“a pound of cannabis in today’s world sells for a lot more than a pound of lettuce so hence the returns on a greenhouse for cannabis in many cases can look a lot better.”
Power REIT Continued…
Like I said, Lesser had some very interesting things to say, including professional details about Power REIT. For instance:
“We’re still a relatively small-cap REIT. But because of that small size, the transactions we’re doing at these very, very generous yields really drive tremendous growth. And that’s rally what’s driven the shareholder returns… and why we continue to think we have a good runway ahead of us.
“… first of all, we’re not a mortgage REIT. We are focused on ownership of real property. And as I said, our asset class – our real focus is as a greenhouse play: as a kind of… technology play around greenhouses as an asset class. Most of the other companies really shy away from greenhouses because, in my mind, they don’t seem to understand that this is the sustainable approach to cultivation of not all crops but certain crops.”
He sees that as a good business model – including more limited forays into outdoor farming properties – because greenhouses can’t be beat for “indoor” crop growth. They cost significantly less to build and operate than more solid facilities… starting with the comparative amount of energy it consumes.
And, as with the other cannabis plays mentioned above, it’s got a plan to grow that is steadily succeeding:
“We just announced actually a week or so ago that we entered into a debt facility, which I think is really a gamechanger for our cost of capital relative to the competition out there.
“We entered into a facility that will give us debt at a 5.52% interest rate. We’re able to draw down that debt over a one-year draw period and then have it fully amortize over the next five years. It’s a nice piece of debt to allow us to fund some additional growth right in front of us.”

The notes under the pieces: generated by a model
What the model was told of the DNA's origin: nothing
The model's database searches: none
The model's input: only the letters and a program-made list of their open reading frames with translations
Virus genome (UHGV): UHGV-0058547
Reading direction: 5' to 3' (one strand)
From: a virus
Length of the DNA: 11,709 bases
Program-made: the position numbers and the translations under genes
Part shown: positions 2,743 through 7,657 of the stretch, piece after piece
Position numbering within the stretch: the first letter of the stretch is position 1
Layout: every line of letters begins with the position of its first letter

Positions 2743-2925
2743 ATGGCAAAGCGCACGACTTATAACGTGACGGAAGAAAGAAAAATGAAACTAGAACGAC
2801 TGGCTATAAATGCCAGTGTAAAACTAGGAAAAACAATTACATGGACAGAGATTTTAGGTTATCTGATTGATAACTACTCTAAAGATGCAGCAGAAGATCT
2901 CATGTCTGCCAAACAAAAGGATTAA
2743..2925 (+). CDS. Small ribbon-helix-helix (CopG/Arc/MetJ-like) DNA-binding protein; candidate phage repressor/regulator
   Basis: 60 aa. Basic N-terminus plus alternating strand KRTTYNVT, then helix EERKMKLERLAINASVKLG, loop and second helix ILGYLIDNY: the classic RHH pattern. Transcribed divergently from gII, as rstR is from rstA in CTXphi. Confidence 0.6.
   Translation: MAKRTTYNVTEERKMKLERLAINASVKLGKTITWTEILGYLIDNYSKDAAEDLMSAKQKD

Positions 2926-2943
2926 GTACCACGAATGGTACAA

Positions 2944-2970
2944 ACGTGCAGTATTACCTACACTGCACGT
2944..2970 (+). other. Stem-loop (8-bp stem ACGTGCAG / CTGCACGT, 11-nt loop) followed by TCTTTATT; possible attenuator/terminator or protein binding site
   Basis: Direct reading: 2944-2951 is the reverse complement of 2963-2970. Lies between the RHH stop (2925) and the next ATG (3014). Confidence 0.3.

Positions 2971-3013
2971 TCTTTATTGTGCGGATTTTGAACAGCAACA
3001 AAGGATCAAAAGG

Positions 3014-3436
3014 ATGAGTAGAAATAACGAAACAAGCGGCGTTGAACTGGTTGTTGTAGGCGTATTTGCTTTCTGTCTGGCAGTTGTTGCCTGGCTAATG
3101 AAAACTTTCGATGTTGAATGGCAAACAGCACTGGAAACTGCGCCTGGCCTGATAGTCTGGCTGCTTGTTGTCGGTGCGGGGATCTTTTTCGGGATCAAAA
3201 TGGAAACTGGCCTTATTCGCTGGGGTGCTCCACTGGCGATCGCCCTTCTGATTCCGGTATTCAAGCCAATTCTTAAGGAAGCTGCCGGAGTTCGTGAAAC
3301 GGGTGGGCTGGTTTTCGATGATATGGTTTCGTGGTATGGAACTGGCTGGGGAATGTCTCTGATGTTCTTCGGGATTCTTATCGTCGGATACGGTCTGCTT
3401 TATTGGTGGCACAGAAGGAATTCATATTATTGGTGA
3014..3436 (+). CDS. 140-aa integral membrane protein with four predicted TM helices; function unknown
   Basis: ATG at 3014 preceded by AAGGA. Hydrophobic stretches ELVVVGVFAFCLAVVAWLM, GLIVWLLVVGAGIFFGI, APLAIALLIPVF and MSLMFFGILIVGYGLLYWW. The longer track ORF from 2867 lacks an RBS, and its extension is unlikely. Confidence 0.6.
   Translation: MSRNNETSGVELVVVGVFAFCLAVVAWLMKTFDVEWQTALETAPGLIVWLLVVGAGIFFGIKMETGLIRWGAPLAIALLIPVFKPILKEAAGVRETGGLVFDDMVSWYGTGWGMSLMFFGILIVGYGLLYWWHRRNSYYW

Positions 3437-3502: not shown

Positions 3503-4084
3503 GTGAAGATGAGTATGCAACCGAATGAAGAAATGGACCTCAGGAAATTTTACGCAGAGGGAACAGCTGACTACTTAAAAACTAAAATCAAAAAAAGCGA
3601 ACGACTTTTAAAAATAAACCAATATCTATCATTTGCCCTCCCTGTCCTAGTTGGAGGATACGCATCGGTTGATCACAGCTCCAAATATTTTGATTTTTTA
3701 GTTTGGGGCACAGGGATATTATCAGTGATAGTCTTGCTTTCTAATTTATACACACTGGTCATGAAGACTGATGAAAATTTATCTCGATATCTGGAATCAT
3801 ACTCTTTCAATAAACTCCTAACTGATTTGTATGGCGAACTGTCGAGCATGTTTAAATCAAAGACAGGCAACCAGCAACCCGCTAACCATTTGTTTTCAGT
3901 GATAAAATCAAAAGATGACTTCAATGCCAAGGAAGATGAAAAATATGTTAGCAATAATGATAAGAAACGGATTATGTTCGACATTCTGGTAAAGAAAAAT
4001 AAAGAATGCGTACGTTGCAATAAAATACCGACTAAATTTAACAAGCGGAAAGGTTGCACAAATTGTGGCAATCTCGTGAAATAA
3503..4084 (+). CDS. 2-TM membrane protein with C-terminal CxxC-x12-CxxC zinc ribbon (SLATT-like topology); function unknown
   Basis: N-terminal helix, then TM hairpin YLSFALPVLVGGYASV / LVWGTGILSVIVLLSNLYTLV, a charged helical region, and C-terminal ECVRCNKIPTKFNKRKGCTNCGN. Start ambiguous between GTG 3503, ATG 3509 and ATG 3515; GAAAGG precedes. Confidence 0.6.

At this rate, it’s on track to “point to some guidance” for annualized funds from operations (FFO) of $4.60-$5.20 per share.
Now, REIT or not, it’s not paying a dividend at this time. It’s definitely more of a growth play than an income play for the time being.
Obviously, it was very worthwhile for iREIT on Alpha members to invest in anyway last year. But do keep that – and valuation – in mind if you want to get in this year.
But here’s what I really want to leave you with from the interview: one more informed opinion about federal cannabis legislation.
“My personal sense is we are a very long way from federal legalization. No matter how many times people talk about it – and people talk in the industry how they’re pushing for it – the reality is that to declassify… a drug from a Class 1 drug, it has to go through significant amount of study to prove that the benefits – the medical benefits – offset the risks. And that work just simply hasn’t been done. Again, while I’m not an expert, I think that the legalization is a long ways off.”
So there you have it: multiple views that often completely contradict each other on the national state of the cannabis industry. And yet each one of the REITs mentioned are bullish about their individualized prospects within it.
Again, be careful about valuation if you’re going to get involved in these assets. High-flying or not, you never want to overpay for an investment.
But with that said, I don’t see them going away any time soon. And neither should you.